Photo from stillmine.ca
Michael McGowan, director and writer
Starring: James Cromwell (Craig Morrison), Genevieve Bujold (Irene), Campbell Scott (Gary), Julie Stewart (Ruth), Rick Roberts (John), Jonathan Potts (Rick), Chuck Shamata (Judge), Hawksley Workman (Gus)
Craig Morrison, a New Brunswick farmer and carpenter had to defend himself in court six times between 2008 and 2010 for constructing a house that apparently defied government mandated building codes on his land overlooking the Bay of Fundy. Morrison, who was 88 when he started to build the house for himself and his wife Irene, an Alzheimer sufferer, supplied an independent assessment that his house was “built like a fort,”—and refused to move. Ultimately, his case became a cause célèbre, sparking a Toronto Globe and Mail piece, which stated “This is a true Canadian story, a cautionary tale of the tremendous power of the state over the individual in an age of pervasive bureaucracy.”
Michael McGowan, the director and writer of One Week and Saint Ralph, took Morrison’s story (with the now nonagenarian’s consent) and has turned it into a dramatic feature film. Even before its commercial release, Still Mine garnered seven Canadian Screen Award nominations, winning one, the Best Actor Prize for James Cromwell’s interpretation of Craig Morrison.
Zoomer love; one man vs. the “system”—underdog tale
Craig and Irene Morrison’s life is beginning to undergo changes as they reach their eighties. Their living, farming and raising cattle, is becoming more difficult, physically and economically. Worse, Irene is suffering from spells of vagueness, which could lead to a diagnosis of dementia or Alzheimer’s disease.
Ever resolute, Craig decides to build a new house for his ailing wife, one where she won’t have to negotiate stairs and the view from the Bay of Fundy will be beautiful. A craftsman, whose father was a ship builder, Craig Morrison knows how to construct a house. But the authorities in New Brunswick think otherwise. Lumber that Morrison custom built is deemed unacceptable because the requisite stickers aren’t on them. Floor joists, ceilings, wall studs—all in ship shape—are deemed improper.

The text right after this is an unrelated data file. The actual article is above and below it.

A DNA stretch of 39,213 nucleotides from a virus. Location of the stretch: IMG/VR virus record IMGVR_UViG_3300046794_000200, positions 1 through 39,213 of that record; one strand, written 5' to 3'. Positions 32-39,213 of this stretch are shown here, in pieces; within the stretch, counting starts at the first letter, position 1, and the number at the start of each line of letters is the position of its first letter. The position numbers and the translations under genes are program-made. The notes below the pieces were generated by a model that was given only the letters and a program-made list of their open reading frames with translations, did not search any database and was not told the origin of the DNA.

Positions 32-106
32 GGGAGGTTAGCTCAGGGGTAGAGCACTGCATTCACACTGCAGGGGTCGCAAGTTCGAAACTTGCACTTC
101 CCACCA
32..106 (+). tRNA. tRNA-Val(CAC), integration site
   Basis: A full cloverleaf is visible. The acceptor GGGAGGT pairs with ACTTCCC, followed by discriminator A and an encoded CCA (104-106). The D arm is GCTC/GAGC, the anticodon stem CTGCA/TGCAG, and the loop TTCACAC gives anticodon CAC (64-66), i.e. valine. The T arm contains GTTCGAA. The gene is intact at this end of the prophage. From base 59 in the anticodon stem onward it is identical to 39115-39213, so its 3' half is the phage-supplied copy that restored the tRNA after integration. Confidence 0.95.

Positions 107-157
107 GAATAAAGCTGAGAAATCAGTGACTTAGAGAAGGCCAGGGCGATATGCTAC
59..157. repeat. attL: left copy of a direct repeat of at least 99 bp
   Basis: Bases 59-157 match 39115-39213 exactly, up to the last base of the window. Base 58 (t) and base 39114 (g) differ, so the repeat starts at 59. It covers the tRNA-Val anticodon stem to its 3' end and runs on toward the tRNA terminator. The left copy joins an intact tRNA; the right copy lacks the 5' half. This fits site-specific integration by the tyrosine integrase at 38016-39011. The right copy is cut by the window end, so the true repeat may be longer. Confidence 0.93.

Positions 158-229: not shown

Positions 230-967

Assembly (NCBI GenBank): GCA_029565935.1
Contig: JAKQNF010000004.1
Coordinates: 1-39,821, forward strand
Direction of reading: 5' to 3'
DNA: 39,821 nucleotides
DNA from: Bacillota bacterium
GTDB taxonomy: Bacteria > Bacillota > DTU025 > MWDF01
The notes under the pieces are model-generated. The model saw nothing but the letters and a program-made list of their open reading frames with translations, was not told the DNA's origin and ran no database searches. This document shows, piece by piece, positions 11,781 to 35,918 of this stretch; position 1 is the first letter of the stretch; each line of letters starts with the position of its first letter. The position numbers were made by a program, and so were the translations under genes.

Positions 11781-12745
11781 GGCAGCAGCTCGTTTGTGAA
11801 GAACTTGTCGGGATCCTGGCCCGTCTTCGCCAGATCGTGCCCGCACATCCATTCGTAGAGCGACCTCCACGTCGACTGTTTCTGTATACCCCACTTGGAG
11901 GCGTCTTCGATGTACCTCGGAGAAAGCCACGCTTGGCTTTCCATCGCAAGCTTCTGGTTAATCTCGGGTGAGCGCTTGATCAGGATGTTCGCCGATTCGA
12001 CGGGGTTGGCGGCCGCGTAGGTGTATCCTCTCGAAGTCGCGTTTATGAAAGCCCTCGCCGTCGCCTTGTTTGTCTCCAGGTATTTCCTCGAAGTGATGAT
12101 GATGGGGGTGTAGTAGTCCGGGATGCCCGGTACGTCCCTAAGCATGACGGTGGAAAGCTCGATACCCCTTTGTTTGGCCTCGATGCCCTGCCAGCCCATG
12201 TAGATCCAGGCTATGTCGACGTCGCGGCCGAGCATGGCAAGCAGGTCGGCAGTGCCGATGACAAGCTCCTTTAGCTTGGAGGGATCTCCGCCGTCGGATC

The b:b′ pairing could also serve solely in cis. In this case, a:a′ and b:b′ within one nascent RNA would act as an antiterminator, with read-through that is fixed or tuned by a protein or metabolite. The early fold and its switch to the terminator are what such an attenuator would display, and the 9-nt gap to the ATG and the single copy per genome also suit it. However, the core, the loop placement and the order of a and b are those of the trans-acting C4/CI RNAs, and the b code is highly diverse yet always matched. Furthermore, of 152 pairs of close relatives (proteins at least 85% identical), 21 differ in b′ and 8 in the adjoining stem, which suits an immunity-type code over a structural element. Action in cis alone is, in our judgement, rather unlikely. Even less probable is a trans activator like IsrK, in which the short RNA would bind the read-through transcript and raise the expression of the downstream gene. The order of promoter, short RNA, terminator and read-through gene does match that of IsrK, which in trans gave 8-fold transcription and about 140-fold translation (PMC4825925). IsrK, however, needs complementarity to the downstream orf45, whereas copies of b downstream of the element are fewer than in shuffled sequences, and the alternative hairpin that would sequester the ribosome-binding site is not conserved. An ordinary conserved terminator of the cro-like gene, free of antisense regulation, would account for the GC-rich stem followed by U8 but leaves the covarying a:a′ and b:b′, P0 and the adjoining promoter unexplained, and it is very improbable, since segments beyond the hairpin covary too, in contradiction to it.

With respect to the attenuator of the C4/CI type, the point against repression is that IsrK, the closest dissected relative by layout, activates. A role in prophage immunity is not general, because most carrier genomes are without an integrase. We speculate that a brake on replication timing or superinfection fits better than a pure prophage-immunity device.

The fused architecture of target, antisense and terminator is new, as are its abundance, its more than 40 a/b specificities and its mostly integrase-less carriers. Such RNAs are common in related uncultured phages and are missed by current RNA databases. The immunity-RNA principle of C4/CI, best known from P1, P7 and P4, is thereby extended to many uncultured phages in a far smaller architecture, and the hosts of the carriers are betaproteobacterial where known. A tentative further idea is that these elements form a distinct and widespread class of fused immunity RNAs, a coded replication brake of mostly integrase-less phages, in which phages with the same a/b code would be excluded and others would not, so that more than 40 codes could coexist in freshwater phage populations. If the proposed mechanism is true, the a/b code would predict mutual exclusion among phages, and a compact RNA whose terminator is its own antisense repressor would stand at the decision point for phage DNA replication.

While Irene gets progressively worse, Craig is either in court or—when he can—continuing to create what will be his and Irene’s last house.
This is a two-hander. You either believe in Craig and Irene and their love for each other or the film doesn’t fly. McGowan had the wit to hire the right actors.
Genevieve Bujold, the legendary star of Anne of a Thousand Days, King of Hearts, Kamouraska, Act of the Heart, Paper Wedding and Dead Ringers, is marvellous as Irene. The tough, idiosyncratic actress gives Irene a spine and anger to go along with her vulnerability.
James Cromwell, whose performances in Babe, Six Feet Under, L.A. Confidential and Star Trek, have made him a star in his senior years, nails the role of Craig Morrison. He dominates every scene he’s in, with a quiet authority that is perfectly in keeping with Morrison’s character. The love and absolute devotion he feels for Bujold’s Irene is well expressed through his physical interaction with her: you feel their closeness and unspoken devotion for each other. After decades of being a character actor—sometimes evil, sometimes good, occasionally goofy—Cromwell gets to play a lead at last. To say his performance is excellent is almost an understatement. At the age of 73, Cromwell has seized the role and made it his own.
Like Craig Morrison, Michael McGowan is a fine craftsman. A writer of children’s books, he knows his way around dialog and structure. Like any good dramatist, he appreciates conflict and strong characters. McGowan was inspired by newspaper reports of Morrison’s story to turn his life into a film. The results are clear: Still Mine is an honest, delightful story of a Canadian fighting for his rights—and the love of his life. It is McGowan’s best film to date.
Still Mine is a wonderful film, perfect for Zoomers. It’s heartfelt, funny, dramatic and romantic. See it. You’ll love it.